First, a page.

I have worked with CFOs who leave the issue of ethical conduct to the HR and legal functions. But others have taken a different view -- they take a significant interest in ensuring that management and employees always behave in an appropriate fashion, consistent both with laws and regulations and the expectations and standards of the organization. They realize that not only can inappropriate behavior lead to compliance failures, fraud, and theft, but the consequences can adversely affect employee morale and the firm?s reputation. The bottom line is that ethical failures can affect operational and financial performance and share price.
These CFOs engage with HR, legal, and other functions to ensure the company is communicating its standards and expectations, training employees, and providing an effective mechanism for employees and others to report suspected wrongdoing, investigate potential violations, and monitor the ethics program.
The Ethics Resource Center recently a business ethics report, based on a survey of 4,800 employees. I was surprised by some of the statistics and suspect most CFOs will be too:-45% of employees have witnessed misconduct at work. While this figure is down from 49% in 2009 and 55% in 2007, it is still remarkably high. -Nearly two-thirds have reported misconduct, the highest level on record. Unfortunately, 22% of those who reported misconduct suffered retaliation as a direct result. -The number of companies with ?weak ethics cultures? rose from 35% in 2009 to 42% last year. However, 42% said ?their company has increased efforts to raise awareness about ethics.? -More people (now 13%) are feeling pressure to bend the rules, or even break the law. -Just over one-third of employees said their managers do not display ethical behavior (up from 24% in 2009). That can have a cascading effect through the organization, resulting in a company of employees who are more likely to violate the code of ethics.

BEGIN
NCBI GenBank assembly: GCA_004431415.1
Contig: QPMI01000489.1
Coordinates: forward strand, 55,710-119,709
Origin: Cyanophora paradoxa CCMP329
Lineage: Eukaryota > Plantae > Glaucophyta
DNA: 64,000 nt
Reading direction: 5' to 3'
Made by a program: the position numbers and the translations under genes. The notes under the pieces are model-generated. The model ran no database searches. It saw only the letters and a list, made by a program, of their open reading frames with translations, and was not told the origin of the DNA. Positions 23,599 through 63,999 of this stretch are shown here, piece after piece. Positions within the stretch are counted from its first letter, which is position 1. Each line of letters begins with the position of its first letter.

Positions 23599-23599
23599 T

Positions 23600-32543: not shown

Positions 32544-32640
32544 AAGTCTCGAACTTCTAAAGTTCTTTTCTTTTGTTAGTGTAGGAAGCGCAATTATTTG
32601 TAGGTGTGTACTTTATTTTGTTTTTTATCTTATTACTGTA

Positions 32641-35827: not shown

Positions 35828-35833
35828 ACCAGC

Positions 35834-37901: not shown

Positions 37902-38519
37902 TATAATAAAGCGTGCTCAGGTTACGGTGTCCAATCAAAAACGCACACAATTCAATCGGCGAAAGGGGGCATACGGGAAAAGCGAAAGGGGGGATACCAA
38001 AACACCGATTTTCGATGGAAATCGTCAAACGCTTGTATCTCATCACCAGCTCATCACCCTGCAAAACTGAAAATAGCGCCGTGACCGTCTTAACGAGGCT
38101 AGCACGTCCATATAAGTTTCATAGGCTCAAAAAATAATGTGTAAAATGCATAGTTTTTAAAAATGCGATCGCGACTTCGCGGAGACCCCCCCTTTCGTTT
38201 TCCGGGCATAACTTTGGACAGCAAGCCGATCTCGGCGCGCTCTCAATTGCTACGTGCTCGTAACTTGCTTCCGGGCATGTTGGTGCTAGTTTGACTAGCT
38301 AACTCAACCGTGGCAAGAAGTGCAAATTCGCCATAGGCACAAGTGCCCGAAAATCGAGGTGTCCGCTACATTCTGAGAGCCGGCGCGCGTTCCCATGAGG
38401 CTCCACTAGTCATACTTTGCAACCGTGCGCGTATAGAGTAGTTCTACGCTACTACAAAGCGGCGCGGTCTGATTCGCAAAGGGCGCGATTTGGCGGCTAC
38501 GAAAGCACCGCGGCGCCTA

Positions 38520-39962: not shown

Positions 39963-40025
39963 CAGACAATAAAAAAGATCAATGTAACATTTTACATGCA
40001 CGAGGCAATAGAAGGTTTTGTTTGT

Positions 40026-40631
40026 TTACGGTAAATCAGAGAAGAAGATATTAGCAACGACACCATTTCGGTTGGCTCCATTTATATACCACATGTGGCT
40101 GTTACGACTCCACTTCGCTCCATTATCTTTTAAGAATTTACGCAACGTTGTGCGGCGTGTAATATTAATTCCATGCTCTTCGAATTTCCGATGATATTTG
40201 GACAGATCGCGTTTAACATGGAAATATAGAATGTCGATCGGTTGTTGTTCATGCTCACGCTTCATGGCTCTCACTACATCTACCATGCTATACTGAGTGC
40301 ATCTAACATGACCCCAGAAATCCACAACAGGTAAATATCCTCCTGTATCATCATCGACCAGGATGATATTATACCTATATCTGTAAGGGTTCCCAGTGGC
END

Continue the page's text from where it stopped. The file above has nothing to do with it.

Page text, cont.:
The report recommends that executives:-Invest in ethics and compliance programs, and view ethics as a business priority. -Make ethical leadership part of all managers? evaluations. And communicate their personal commitment to ethical conduct. -Focus on their own behavior, because their actions and responses to reports of misconduct are at the heart of the matter.
I suggest CFOs go further and ask these questions: Is it time to revisit the HR-preferred ?talk to your supervisor? approach to potential problems, and replace it by encouraging employees to report independently of their supervisors? Shouldn?t an ethics program be risk-based, looking at the areas of greatest potential harm, ensuring policies and controls are sound, putting metrics in place, and then monitoring at regular intervals?
I also recommend bringing in internal audit to assess all or part of the program and assure the CFO and the rest of the executive team that the program is meeting expectations.
CFOs cannot, in my opinion, leave the issue of ethics to human resources, legal, compliance, or audit. CFOs can add great value by taking the lead. They should ask the questions that cut to the heart of the ethics program, being alert to any signs of inappropriate behavior, and setting an example for all to follow.
Norman Marks CPA is a vice president with SAP and a long-term internal audit and risk-management practitioner.